I generally shy away from writing about my relationship with my husband. Writing about something creates a fixed point, and I would much rather leave my relationships flexible, allowing for an ebb and flow that writing sometimes does not allow.
However, getting our son’s autism diagnosis significantly affected my marriage, and I think that is important to talk about.
The impact was enormously positive, and we still enjoy its benefits today.
After years of trying – and failing – to find the best way to teach my son right from wrong, rewards and consequences, social norms and to simply keep him safe, his diagnosis was a source of relief for us. It took a huge weight off of our shoulders to realize it wasn’t us – we were not bad parents.
We have become more patient with each other, no longer laboring under the painful feelings of “What have we done wrong?” and What are we doing wrong?” After reading so many parenting books and listening to so much advice, we finally feel like we are on the right path. Now, we can help our son on this path, teaching him right from wrong, understanding what motivates him and giving him tools to function within social norms. We have a shared understanding about what we need to do and successfully work as a team.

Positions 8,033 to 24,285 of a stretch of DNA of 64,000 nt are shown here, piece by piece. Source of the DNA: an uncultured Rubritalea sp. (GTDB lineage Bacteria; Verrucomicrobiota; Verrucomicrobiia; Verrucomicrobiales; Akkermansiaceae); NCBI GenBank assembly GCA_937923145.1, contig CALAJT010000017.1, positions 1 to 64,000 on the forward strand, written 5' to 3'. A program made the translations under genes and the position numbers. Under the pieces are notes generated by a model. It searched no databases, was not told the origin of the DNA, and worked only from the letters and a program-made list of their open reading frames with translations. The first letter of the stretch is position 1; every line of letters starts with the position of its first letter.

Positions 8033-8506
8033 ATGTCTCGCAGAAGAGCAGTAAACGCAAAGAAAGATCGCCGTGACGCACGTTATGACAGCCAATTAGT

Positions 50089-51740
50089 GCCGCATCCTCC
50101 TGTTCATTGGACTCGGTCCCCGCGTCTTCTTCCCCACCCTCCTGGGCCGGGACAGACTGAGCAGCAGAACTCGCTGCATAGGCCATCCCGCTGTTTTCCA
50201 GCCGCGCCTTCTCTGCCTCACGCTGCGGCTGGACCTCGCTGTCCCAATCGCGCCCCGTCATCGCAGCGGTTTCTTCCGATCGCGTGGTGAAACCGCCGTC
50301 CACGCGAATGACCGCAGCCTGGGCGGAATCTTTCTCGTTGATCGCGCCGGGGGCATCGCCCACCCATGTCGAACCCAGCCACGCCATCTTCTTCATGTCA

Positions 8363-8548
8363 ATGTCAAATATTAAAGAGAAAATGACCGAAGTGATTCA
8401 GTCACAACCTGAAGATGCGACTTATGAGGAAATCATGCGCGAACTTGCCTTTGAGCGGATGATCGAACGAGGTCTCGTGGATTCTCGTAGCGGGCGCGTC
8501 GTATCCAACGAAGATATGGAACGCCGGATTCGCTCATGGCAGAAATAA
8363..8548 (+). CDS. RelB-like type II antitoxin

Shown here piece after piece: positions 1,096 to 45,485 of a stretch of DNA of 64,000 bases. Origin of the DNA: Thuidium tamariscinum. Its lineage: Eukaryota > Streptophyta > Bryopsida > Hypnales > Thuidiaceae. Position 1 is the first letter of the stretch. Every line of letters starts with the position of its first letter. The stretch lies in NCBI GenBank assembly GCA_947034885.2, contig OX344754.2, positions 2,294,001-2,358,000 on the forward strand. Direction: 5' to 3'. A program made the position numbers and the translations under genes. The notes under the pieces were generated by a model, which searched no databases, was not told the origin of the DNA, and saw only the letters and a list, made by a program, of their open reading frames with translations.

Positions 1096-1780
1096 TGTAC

The diagnosis opened our eyes to who our son really was, enabling us to pair our love of him with true understanding. In the depths of my soul I know there is no greater gift we can give our child than honest acceptance of who he is.
Together, we’ve had to make some hard decisions — the decision for me to leave my out-of-home job and its steady income in favor of consulting work from home. This meant both of us would work commission-only jobs. It was a risk, and one that we might not have been brave enough to take if it weren’t for the courage that came from knowing it was what our son needed.
I had to do the math to recall how long my husband and I have been married – 12 years this month. It’s not that we don’t care, but because the most important thing that came out of our son’s diagnosis is that we learned to take things one day at a time.
When you’re taking things one day at a time, you don’t look too far behind and you don’t look too far ahead. There is a certain kind of zen that comes with that, a zen that feels good and right.
That is good for all of us.
A version of this post originally appeared on Autism Mom.
The Mighty wants to hear more about relationships and special needs parenting. Can you share a moment on your special needs journey that strengthened your relationship? If you’d like to participate, please send a blog post to [email protected] Please include a photo for the piece, a photo of yourself and 1-2 sentence bio.
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